For our second whole day in Hakone we first headed to the Hakone Glass Museum. It’s more so the atmosphere that has been created rather than the glass that makes this place appealing. It’s heavily inspired by European architecture and you can find crystal trees placed amongst natural ones, ducks in the ponds, a creek surrounded by trees tainted by the koyo season and cute little hidey holes with small exhibitions.
Afterwards we headed to where fields of Susuki Grass lay between a mountain of forests and a small town. It was quite a sight to behold and despite the typical image of a farmer cowboy thing with this type of weed sticking out of his teeth popping into my head… these susuki grass would only be able to floss between a giant’s teeth. They were so tall!
Here the rain finally started to fall and we were bummed that we forgot to bring our umbrellas with us. We were even more bummed as it meant those foggy skies would tease Mt Fuji back into hiding.
And our worries were granted.. once we got to Lake Ashi, Mt Fuji was nowhere in sight. But we still caught that pirate boat from the top to the bottom of Lake Ashinoko. Why it is a pirate boat, I have no idea… some great idea of a tourism company. I just had to do the photo in black and white to get rid of the Cheesy McCheese Cheese.
We then arrived at Hakone Machiko.
We then arrived at the start of the old Hakone checkpoint. It’s a replica now (which they actually did with traditional methods and it took years) but back in the times… perhaps Edo period… my memory has wiped itself now, they filtered who came through the area, what weapons were coming in or out and deterred women and children from escaping. They didn’t quite explain why the women and children wanted to escape but it was mentioned a couple of times… Anyway it’s purpose was to control traffic along the old Tokaido highway which was the route between Tokyo and Kyoto.
However before we got to the dark and gloomy part, there were many shops with traditional craftsmen making the Hakone tradition of marquetry. It all started as Hakone had a great variety of trees with different colours and properties. They first joined big pieces into patterns by glue and then planed thin sheets of it to inlay into a wooden box. They’re slightly expensive but it’s because they are also puzzle boxes. Depending on how many steps it took, the prices went up higher. There was one box that took 125 steps before you could open it. CRAZY! The man was very sweet and gave James and I example sheets to keep.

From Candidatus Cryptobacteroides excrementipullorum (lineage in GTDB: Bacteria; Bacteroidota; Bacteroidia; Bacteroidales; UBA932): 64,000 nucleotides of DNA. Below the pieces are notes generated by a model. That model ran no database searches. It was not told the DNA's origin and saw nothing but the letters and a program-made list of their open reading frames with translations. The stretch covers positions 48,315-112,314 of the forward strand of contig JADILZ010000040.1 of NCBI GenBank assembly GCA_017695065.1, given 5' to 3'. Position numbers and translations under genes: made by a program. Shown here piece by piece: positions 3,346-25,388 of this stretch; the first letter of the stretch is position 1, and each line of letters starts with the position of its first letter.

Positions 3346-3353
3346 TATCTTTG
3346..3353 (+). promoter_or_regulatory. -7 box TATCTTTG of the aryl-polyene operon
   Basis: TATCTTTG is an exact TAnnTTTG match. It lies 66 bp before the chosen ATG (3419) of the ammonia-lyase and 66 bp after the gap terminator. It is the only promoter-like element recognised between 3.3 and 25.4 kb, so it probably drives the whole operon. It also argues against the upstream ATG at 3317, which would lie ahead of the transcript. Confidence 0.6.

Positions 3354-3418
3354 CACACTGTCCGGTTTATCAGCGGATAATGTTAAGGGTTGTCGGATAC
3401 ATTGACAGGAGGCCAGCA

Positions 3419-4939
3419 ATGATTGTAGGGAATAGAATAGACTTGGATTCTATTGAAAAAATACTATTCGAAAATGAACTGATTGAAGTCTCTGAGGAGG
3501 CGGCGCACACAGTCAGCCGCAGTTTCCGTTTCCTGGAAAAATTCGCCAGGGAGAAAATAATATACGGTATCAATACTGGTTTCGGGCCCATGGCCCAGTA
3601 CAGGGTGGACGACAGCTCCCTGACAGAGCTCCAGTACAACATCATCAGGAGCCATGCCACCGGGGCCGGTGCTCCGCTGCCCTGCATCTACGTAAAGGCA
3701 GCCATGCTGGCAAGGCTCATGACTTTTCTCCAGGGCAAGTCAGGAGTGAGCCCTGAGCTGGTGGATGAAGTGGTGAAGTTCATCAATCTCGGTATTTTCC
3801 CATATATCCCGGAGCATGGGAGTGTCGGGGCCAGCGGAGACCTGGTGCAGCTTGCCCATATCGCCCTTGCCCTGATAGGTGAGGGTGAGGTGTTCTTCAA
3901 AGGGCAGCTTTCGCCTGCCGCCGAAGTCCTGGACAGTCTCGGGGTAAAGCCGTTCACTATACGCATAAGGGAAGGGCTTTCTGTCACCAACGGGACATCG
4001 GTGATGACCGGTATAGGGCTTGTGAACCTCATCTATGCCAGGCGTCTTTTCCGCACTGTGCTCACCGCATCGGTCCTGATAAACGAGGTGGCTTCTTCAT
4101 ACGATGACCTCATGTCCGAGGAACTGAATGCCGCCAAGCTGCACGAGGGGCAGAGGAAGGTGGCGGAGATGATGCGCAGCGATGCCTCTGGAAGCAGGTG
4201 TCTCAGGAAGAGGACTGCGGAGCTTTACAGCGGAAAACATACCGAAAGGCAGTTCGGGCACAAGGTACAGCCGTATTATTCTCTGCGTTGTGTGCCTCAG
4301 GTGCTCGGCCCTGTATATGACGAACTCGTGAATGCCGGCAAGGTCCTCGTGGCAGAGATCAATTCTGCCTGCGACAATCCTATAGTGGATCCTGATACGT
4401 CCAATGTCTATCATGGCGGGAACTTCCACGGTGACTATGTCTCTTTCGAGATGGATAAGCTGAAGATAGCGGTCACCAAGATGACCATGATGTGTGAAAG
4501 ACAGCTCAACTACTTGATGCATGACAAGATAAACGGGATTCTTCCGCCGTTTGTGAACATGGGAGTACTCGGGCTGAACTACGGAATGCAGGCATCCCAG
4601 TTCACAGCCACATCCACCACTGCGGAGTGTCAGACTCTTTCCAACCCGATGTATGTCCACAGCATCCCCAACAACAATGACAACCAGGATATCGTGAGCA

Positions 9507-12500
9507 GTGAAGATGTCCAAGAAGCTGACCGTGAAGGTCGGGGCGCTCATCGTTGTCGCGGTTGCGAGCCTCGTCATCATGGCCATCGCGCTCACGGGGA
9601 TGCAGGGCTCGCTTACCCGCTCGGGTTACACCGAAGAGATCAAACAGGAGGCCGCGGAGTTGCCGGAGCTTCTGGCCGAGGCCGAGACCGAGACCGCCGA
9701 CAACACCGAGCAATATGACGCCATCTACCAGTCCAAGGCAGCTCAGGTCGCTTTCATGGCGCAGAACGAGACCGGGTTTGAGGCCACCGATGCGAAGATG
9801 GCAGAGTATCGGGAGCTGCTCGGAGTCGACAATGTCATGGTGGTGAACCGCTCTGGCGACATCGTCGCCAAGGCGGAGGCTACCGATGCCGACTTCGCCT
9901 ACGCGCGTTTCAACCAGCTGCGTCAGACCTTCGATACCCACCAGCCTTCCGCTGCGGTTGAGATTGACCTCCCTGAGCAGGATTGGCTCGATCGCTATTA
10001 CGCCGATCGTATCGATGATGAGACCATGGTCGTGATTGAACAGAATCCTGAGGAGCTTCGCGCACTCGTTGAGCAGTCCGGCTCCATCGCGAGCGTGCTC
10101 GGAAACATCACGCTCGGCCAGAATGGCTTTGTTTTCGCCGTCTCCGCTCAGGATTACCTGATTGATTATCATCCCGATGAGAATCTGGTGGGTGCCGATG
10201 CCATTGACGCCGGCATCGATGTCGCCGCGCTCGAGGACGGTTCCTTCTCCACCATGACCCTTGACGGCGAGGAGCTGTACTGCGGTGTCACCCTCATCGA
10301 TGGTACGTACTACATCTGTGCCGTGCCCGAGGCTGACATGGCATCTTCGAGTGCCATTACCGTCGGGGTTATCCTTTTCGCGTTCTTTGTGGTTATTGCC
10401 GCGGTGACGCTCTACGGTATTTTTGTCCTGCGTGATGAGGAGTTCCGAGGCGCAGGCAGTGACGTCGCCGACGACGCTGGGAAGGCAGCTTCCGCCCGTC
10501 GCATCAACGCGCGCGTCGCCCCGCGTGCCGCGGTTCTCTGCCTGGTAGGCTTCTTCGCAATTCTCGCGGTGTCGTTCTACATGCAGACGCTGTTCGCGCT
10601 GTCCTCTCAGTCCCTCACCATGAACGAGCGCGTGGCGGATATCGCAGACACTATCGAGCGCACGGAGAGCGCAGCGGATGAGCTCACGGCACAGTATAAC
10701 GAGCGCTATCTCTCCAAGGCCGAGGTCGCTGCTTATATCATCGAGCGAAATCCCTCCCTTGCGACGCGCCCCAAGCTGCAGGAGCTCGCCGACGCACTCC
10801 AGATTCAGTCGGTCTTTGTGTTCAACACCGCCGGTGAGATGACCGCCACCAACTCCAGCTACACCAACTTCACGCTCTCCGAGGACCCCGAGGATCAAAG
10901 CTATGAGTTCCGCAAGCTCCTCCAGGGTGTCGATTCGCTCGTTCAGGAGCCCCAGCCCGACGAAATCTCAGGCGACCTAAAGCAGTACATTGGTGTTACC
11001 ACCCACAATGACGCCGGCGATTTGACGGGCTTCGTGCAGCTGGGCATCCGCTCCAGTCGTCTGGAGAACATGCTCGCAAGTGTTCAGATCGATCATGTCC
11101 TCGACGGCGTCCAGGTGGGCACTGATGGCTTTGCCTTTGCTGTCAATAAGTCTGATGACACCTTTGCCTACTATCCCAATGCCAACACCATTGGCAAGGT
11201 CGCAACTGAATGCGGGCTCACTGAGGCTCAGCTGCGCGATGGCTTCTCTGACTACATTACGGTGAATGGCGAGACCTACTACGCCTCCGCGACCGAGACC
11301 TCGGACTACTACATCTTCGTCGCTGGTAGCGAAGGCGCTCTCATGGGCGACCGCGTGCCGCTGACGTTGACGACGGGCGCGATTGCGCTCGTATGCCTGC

They built this whole place based on plans and evidence that showed them exactly how the structure was. I was also wondering why the people were kept so bare as it was unlike the Japanese to keep things so bland. I later read up that they kept them plain as they had no evidence or ideas of how they dressed, colours and style and wanted to avoid painting a wrong image into people. I really respected that.
We then walked to the old cedar avenue which was used a long long time ago as a highway and was recently reconstructed at the same time as the checkpoint. It gave off fairytale Studio Ghibli vibes.. for those who know any of the movies I just kept imagining Princess Mononoke scenes.
The trees were gorgeous and behemoth. I felt like an ant. But the sun was also quick to sign off for the day so we had to get rushing for the bus. The sun goes down so quick at this time of year in Japan. No joke, around 4pm in the afternoon.
We went home for our dinner curfew where we enjoyed a boiled bream. At first we were like… yeaaaah looks fun but…… eh. But once we actually took a bite, the sauce had a great balance of sweet and salty. We really enjoyed our meal.
I told James that he had to experience public bathing on our last night so I forced him into the steaming den of old men while I enjoyed mine with ladies that had laser eyes on me casting judgment or curiosity, I have no idea haha.